embedded systems. Writing extensions to QNX is relatively straight forward
as there are only a small s
et of API’s to learn (fourteen).


5.2

Amoeba


Tanenbaum developed Amoeba in Amsterdam to make a physically
distributed system behave like one logical system. The IPC provided by
Amoeba is via Remote Procedure Calls. These make a collection of
CPU/Workstations
appear as a pool of resources system i.e. it is transparent
to the user that more than one system exists. The initial release of Amoeba in
1983 was designed to emulate UNIX so that the massive amount of existing
software could be utilised without having to

re
-
code it. In Amoeba the device
drivers reside in the kernel and thus cannot be loaded dynamically as in
Chorus microkernels.






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5.5 MkLinux


MkLinux is an Open Source operating system, which consists of an
implementation of the Linux operating system,

hosted on the Mach
microkernel. There are between 50,000 and 100,000 MkLinux users. A
significant number of the installed MkLinux systems are being used in
mission
-
critical applications.


During the early years, most MkLinux development occurred either at

Apple or at The Open Group Research Institute in Grenoble, France.
MkLinux Developer Release 1 (DR1) was released in early 1996.


Later that year, DR2 was released, incorporating numerous bug fixes.
The Linux server was updated to the 2.0.x source base sh
ortly thereafter. At
about the same time, (December 1996) PCI machines were supported and
DR2.1 was completed and incorporated into Apple's "Reference Release".
DR2.1 was released a few months later. With the exception of shared library
support and support

for 603e machines, very little changed until the
appearance of the G3 Power
-
Macs in late 1997.






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Conclusion









6




The ability to run multiple personalities on top of microkernel
architecture means you are no longer bound by the operating system to

certain software. This could well release the stranglehold Microsoft currently
has on the world market. However with the success of NT, Microsoft cannot
be uprooted so easily.


The technical manager at Chorus systems said “
microkernels will have
the same

impact on the software side as the chip revolution had on the
hardware side
”. Considering Microsoft, Apple, IBM, Novell/USL and Sun are
all heading down the microkernel path it seems that microkernels are the
thing of the future. There is a real need for
an operating system that is
lightweight while still providing the rich graphical environment that Windows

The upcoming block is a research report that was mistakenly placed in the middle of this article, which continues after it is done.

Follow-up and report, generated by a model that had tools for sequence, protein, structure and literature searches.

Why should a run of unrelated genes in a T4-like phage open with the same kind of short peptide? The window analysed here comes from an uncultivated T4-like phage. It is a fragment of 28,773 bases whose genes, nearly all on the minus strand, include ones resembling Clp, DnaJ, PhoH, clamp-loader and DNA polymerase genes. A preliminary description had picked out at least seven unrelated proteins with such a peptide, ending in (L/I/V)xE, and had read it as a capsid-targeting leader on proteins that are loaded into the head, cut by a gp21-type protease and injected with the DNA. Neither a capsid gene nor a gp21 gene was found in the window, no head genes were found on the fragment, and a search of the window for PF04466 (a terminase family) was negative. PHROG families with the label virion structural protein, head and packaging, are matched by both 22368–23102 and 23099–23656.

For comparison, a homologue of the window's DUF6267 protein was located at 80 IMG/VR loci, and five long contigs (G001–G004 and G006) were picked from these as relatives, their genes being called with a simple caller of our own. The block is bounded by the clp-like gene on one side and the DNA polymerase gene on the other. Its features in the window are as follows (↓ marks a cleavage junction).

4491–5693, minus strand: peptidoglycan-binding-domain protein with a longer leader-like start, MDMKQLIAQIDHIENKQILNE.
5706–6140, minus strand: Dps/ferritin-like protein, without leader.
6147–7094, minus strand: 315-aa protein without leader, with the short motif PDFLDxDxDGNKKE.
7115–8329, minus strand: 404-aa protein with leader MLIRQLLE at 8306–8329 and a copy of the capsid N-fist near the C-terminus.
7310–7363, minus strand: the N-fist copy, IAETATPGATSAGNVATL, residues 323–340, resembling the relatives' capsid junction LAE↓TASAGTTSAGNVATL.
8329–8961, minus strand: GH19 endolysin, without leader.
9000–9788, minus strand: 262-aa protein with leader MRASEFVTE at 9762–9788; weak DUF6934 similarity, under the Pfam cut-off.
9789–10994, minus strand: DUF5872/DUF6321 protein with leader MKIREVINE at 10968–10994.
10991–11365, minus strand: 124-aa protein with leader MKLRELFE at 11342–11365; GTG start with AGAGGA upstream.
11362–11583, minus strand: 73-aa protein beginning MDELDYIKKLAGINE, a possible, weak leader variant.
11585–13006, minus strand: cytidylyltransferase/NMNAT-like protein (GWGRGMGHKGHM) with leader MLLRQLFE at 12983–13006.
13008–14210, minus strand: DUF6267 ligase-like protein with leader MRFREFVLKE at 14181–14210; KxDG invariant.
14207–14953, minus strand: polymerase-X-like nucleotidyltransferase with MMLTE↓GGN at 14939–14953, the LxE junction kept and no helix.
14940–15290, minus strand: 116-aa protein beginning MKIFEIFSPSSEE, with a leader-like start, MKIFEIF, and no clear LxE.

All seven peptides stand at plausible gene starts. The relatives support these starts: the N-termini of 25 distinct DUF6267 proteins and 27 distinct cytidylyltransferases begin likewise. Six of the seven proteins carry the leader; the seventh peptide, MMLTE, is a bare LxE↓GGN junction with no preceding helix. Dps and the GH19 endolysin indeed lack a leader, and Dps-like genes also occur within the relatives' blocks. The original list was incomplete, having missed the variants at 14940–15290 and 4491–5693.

users are accustomed to.


The beauty of the microkernel is that you have the basic system
provided and you build on that. This drastically reduces th
e size of the
Operating System and thus the resources required. The definitions offered by
various manufacturers of what a microkernel should contain are varied, but
the fact remains that a flexible operating system needs to be developed, and
the better wa
y of doing it is by using the microkernel technology.






Word count: 3765



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Bibliography









7



Books


Modern Operating Systems

Andrew S Tanenbaum, 1992,Prentice
-
Hall


Operating Systems (Second Edition)

H.M. Dietel, 1990, Addison Wesley


An Introducti
on to Distributed & Parallel Computing

Joel M. Crichlow, 1988, Prentice Hall

Chapters: 1, 4


Distributed Computing

Fred B. Chambers, David A. Duce, Gillian P. Jones, 1984, Academic Press

Chapters: 12, 13



Internet


(
www.
byte.com)
. The following are articles found using the search engine of
the site:




Inside the Web PC



The Great OS Debate



QNX Forges ahead



Small Kernels Hit it BIG



The Chorus Microkernel



Objects on the March



Personality Plus


The following links are mainly
background reading on the different
microkernels:


www.mklinux.org

www
-
inf.int
-
evry.fr/~adm_chor/faq.html

www.lib.ox.ac.uk/internet/news/faq/archive/chorus
-
faq.html

www.cs.arizona.edu/people/bridges/os/commercial.html

kb.indiana.edu

www.faqs.org/faqs/os
-
research/part2/section
-
6.html

www.cs.vu.nl/pub/amoeba

www.cs.vu.nl/~ast/minix.html

sslab
.postech.ac.kr/~yjnam/L4/l4.html

www2.cs.utah.edu/~lepreau/osdi94/condict/abstract.html

dacny.com/Btrieve/produc_1.htm

www.ntlug.org/~cbbrowne/osmk.html